This year, Dovi plans to go to his father’s home. “I still consider him a key part of my family, even though we live in separate houses. It’s the one main holiday tradition that I’ll always remember, and my kids will always know that too.”

Recipe: Traditional Larb

Dovi told us that the standout recipe he prepares at the holidays is larb — a raw beef salad with lots of green — green onions, cilantro, basil, and minced lemongrass. He declined to share exact proportions  but did explain how the thinly sliced raw meat was combined with the greens in proportions that he enjoys and that he knows work for his guests. (Here’s a version we found online to give you some perspective.) Dovi makes a cooked, less spicy version each year for the kids and teenagers.


Snarf’s Owner Jimmy Seidel

Leftovers: Sandwiches that Don’t Hold Back
Owner Jimmy Seidel, Snarf’s Sandwiches

As we work on this article every year, we’ve tried to be sure we don’t leave out some restaurant goers’s favorite part of a holiday meal: leftovers. For this edition, we turned to Jimmy Seidel of Snarf’s Sandwiches, the beloved sandwich shop that started in Boulder and now has more than 30 locations throughout Colorado, Missouri, and Texas.

Before talking to us about his sandwich, Seidel shared how he celebrates. “You better be ready,” he said before describing a lengthy affair that’s two days of work. He personally handles kitchen duty during the holidays and cooking for his family means there’s going to be both a turkey and a prime rib. There’s also all the fixings and fruit pie to finish things off. “It’s a two-day affair but ultimately it means I’m surrounding myself with my friends and really enjoying myself.”

However, one two-day affair isn’t enough for him — each year he typically does two Thanksgivings. The following weekend he invites 40 to 50 friends over for what he lovingly calls a “second giving” with two turkeys and a prime rib. “I need to rest up for that,” he admitted.

With all of this cooking, Jimmy’s got a lot of experience creating leftover sandwiches. “Thanksgiving dinner is one of my favorite things of the year. I look forward to it all year. I make a big mess of food. But my favorite thing the next day is to make this.”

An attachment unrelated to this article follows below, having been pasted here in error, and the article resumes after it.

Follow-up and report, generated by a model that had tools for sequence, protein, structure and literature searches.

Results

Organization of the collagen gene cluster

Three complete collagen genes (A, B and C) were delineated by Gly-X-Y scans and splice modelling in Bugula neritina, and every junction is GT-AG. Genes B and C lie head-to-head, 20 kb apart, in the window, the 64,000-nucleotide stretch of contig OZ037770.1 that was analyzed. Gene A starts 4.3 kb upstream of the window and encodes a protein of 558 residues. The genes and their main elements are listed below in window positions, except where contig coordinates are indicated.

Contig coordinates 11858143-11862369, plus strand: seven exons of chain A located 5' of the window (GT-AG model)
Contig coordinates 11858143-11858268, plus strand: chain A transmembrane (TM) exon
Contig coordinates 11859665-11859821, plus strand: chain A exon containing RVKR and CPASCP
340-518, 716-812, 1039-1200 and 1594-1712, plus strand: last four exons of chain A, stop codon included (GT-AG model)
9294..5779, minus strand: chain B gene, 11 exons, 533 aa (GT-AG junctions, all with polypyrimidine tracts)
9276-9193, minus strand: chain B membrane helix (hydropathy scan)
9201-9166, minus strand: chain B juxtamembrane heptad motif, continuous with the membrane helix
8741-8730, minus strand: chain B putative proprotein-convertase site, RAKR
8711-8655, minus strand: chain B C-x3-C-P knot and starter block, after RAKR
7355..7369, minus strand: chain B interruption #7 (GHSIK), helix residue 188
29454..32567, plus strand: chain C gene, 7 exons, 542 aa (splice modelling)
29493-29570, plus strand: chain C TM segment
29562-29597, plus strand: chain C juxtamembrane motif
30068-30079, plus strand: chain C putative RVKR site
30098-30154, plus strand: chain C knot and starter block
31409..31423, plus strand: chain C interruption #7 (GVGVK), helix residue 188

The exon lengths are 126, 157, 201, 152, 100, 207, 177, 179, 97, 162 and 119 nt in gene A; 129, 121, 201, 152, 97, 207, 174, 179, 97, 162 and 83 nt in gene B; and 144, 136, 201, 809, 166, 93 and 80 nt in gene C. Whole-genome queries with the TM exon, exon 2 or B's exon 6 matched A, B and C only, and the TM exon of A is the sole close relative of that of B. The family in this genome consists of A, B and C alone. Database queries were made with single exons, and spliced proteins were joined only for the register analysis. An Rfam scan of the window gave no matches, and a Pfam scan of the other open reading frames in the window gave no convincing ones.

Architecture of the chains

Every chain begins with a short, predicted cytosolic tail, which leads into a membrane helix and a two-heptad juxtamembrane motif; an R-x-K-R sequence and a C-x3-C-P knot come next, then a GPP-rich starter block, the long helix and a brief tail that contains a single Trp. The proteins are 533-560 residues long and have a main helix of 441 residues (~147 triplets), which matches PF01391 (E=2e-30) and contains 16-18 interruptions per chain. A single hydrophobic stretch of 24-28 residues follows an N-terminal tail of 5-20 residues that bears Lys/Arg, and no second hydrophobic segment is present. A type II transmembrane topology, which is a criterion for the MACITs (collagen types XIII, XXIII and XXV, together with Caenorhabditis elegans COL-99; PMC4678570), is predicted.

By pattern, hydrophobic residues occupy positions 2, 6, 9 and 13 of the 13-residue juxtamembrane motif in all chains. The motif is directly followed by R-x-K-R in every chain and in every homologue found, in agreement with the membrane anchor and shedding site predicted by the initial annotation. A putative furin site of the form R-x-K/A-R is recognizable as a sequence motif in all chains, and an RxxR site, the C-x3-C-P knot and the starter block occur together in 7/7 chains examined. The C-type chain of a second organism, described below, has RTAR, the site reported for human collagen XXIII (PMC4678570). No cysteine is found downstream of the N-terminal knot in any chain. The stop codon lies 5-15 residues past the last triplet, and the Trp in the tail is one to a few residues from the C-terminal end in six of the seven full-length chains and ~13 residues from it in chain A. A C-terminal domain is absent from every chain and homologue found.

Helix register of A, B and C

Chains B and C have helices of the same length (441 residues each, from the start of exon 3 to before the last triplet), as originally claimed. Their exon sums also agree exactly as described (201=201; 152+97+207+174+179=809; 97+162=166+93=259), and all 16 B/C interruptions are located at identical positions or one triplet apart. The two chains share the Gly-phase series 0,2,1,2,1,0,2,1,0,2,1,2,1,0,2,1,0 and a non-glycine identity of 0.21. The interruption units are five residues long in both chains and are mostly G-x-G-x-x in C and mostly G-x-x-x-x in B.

He gave us some of his tips: “I have a favorite sandwich, and it’s got turkey, stuffing, mashed potatoes, peas, and gravy that I put on my bread. I can put cranberries on it too. The gravy substitutes for an aioli.” He uses their Snarf’s white bread when he makes the sandwich, and he’s also not afraid to mix it up, dipping it in gravy like a French dip for a less messy experience or substituting the prime rib for turkey.

When it comes to making the sandwich for people with dietary restrictions, one of the biggest things he does is use different bread, as the gluten in traditional bread has been known to cause a lot of issues for some individuals. One of the beautiful things about sandwiches is how easily it can be customized. It’s possible to have a vegetarian version of a leftovers sandwich, particularly if a group cooked a turkey alternative the night before.

Seidel also considered alcohol pairings for Thanksgiving leftover sandwiches. He pairs either the formal turkey dinner or a turkey or vegetarian sandwich with a beer or white wine. As a wine drinker opting for turkey, he said he suggests a white burgundy or a Chardonnay from the Willamette Valley. “The acid of the wine cuts through the richness of the gravy and pairs really well,” he explains.

RECIPE: Seidel’s Savory Gravy

Seidel knows that gravy is perfect with a warm sandwich, and everyone who cooks a roast likely has their own technique to make the gravy their own. When Seidel is in front of the stove, he removes much of the liquid and leaves turkey fat and butter in the pan. He then adds flour directly into that and swears that this is how he never has to deal with lumps. Once incorporated, he adds the liquid back in and may add additional chicken stock if it’s needed.



Deborah Cameron
Deb brings a passion for community journalism and for the local food scene. She started out as an intern and over the years grew into our current Cuisine Editor. She has appeared in multiple publications including the Longmont Leader, The Left Hand Valley Courier, Ms. Mayhem, Finance101, and Ask.com. When not writing she's eating, road tripping, dog-parking, or watching high school softball. She moved to Colorado from Seattle in the early 2000s after spending a year traveling the U.S. in a teal Ford Escort hatchback. She lives with her husband, two teenagers, and a rescue dog named Charlie.